Defense nominee facing a world of hurt

November 19, 2006|By New York Times News Service

WASHINGTON --Since 1993, when Robert M. Gates left Washington after completing 14 months as head of the CIA saying it was "time to get a life," he has recalled the capital's clashing egos and the news media's magnifying glass less than fondly.

Gates has kept his distance, first living in Seattle, then serving as president of Texas A&M University. He has recalled the public battering he took in two Senate confirmation hearings as "unpredictable, frustrating, exhausting, insulting, humiliating" -- in short, "a lot like a root canal."

Well, welcome back to the dentist's chair, Mr. Gates.

Nominated by President Bush to replace Donald H. Rumsfeld as defense secretary, Gates, if he is confirmed as expected, will face challenges that dwarf even those he saw in the tumultuous last years of the Cold War. With troops stretched thin and with no Pentagon experience, Gates will search for answers to the bloody civil strife in Iraq, the resurgence of the Taliban in Afghanistan and the threat of terrorism.

"Things are so difficult and so complicated, it may be beyond anyone's ability to be successful," said Brent Scowcroft, a mentor and admirer of Gates. "I think he's crazy to take the job," said Scowcroft, the national security adviser to the first President George Bush, "and I'm very glad he's doing it."

A Kansas native, Gates put himself through college as a grain inspector and school bus driver. He was an Eagle Scout who still serves in national scouting posts.

Robert D. Blackwill, a veteran diplomat who was a National Security Council colleague, calls him "an utterly honorable person."

Such praise notwithstanding, Gates' government service survived two episodes in which his professional ethics were challenged. First, his truthfulness came under question in the Iran-contra affair, derailing his 1987 nomination to head the CIA.

A special prosecutor, Lawrence E. Walsh, found Gates' statements "less than candid" and wrote in his final report that he did not bring criminal charges only because "a jury could find the evidence left a reasonable doubt that Gates either obstructed official inquiries or that his two demonstrably incorrect statements were deliberate lies."

In the second episode, Gates was accused by several former CIA subordinates in 1991 of politicizing intelligence by tailoring reports on the Soviet Union to fit his and his bosses' hard-line views.

He was confirmed, but 31 senators voted against him, the highest tally against any nominee for the job.

"Congress owes it to the American people to ask: Has this man learned a lesson?" said Jennifer L. Glaudemans, who as a CIA analyst testified against Gates in 1991.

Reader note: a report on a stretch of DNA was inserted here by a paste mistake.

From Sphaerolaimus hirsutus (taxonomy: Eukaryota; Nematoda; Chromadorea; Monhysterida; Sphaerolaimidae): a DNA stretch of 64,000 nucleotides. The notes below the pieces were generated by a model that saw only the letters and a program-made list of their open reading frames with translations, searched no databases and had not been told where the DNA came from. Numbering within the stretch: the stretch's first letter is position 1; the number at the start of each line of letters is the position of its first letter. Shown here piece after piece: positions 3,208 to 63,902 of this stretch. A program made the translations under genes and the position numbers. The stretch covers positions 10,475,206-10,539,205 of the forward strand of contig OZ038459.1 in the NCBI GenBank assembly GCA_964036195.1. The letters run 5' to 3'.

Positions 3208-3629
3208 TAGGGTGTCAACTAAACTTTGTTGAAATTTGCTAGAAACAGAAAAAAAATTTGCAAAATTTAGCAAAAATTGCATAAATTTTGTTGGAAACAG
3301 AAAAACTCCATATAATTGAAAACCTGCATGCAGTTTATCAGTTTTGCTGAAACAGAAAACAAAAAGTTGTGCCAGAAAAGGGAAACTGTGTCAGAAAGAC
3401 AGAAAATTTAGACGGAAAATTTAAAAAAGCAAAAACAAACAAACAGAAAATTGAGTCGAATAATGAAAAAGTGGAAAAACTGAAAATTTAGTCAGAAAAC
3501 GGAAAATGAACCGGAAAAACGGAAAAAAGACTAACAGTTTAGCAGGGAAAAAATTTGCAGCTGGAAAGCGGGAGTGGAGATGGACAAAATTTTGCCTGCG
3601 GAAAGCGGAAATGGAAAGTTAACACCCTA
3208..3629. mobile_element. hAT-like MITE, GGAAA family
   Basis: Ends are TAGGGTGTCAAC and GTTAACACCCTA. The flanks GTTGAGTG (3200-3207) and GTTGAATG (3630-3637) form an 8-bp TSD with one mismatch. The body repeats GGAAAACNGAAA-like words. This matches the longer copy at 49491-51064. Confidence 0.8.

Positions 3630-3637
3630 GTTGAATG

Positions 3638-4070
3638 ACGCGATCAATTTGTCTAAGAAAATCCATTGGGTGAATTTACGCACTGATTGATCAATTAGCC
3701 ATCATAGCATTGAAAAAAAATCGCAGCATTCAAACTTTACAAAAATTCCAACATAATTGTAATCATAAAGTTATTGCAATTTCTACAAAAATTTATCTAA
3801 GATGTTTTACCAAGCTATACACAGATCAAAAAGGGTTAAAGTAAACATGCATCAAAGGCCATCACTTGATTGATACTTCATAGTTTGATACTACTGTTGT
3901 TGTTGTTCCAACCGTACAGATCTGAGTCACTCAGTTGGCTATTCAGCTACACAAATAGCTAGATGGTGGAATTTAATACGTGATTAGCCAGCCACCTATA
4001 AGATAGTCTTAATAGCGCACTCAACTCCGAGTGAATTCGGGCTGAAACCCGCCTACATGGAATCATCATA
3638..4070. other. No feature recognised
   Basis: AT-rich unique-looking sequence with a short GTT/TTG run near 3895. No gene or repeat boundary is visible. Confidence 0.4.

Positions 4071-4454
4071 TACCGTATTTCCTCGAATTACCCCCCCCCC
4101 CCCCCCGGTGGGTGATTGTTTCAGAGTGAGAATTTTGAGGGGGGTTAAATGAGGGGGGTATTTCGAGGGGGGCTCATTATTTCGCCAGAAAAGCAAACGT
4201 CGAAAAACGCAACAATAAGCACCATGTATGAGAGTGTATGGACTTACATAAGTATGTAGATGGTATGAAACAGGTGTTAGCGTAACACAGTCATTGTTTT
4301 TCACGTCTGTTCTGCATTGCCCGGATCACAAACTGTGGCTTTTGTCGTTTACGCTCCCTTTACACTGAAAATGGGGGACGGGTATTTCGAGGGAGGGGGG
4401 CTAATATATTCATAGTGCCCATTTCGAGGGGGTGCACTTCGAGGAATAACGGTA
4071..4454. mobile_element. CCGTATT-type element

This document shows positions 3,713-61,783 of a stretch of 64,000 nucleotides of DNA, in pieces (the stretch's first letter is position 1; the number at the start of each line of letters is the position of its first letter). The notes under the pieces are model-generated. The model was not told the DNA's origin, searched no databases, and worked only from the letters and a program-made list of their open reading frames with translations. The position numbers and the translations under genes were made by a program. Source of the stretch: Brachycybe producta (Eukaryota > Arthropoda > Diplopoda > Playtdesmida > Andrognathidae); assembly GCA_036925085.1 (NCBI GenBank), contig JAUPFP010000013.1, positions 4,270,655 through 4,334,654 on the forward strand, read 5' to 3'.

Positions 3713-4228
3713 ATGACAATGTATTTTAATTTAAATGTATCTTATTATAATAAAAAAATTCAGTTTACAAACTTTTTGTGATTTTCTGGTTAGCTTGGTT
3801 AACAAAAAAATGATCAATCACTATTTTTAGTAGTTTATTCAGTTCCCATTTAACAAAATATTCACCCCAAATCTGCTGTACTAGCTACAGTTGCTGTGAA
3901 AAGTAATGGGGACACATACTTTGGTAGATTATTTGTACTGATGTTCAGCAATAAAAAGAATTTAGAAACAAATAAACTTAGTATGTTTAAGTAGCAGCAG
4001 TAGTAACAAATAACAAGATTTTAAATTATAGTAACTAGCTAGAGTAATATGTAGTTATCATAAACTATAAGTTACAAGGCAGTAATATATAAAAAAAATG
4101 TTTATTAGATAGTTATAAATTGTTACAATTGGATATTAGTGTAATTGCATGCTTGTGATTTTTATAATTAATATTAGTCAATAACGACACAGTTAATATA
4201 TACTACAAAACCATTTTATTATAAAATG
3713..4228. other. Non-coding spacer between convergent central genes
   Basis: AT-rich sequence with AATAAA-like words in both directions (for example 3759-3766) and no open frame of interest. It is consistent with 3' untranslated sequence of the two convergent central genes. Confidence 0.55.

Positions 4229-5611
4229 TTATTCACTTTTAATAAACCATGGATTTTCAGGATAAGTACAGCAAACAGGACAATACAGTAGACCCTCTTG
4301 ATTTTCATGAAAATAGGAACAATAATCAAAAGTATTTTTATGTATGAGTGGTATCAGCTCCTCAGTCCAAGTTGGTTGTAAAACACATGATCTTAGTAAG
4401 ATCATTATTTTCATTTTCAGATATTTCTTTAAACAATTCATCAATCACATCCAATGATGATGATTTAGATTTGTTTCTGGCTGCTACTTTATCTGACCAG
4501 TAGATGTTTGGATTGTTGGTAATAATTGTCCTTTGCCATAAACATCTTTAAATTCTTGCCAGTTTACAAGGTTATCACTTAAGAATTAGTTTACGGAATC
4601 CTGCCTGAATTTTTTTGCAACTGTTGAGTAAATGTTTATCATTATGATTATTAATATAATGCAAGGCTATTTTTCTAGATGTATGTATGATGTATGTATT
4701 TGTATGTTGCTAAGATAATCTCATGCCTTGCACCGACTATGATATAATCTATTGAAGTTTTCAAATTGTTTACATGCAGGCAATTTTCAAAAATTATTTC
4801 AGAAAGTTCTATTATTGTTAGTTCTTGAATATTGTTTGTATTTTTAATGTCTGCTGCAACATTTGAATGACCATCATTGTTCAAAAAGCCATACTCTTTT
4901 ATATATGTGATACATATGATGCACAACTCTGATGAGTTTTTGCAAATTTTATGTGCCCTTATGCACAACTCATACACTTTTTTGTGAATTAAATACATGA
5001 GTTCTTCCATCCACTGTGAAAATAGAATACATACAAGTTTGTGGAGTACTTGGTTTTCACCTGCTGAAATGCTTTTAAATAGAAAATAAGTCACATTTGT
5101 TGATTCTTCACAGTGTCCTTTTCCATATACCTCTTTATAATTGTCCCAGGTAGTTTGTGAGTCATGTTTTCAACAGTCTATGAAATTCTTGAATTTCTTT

Gates' backers say the accusations came from disgruntled analysts.

"I think it's an extraordinary example of his patriotism," Blackwill said, "that he's willing to give up a job he loves and get back in the Washington cauldron."

In his early career, Gates' confidence in his own skills and views attracted the attention of William Casey, who was director of Central Intelligence under President Ronald Reagan. In 1983, Casey promoted Gates over more experienced analysts to the post of deputy director for intelligence.

Richard J. Kerr, a veteran analyst who later served as Gates' deputy, said the politicization charges that followed were unfair.

"Analysis had become lax and sloppy, and Bob set out to change that," Kerr said. "And some analysts looked at the Soviets and saw a glass half full. Bob always saw it as half empty."

Glaudemans, however, insists that Gates rejected reports on subjects that included the Soviet role in terrorism and Soviet influence on Iran that did not fit his preconceptions.

"Gates was a brutal manager to people who stood up to him and Casey," said Glaudemans, who left the CIA and is now a lawyer.

When Casey died, Reagan nominated Gates. But when some Democratic senators doubted Gates' insistence that he knew nothing about secret arms sales to Iran and diversion of the proceeds to help the contra rebels, he withdrew his nomination.

The elder Bush named Gates as Scowcroft's deputy in 1989 and for a second time as director of Central Intelligence in 1991.

Condoleezza Rice, the current secretary of state who had worked closely with Gates on the NSC staff, went on television during the hearings to defend him. "This is a man of tremendous integrity," said Rice, who had returned to the Stanford faculty.

A few months after taking the CIA helm, Gates gathered the employees to speak about the dangers of politicizing intelligence.

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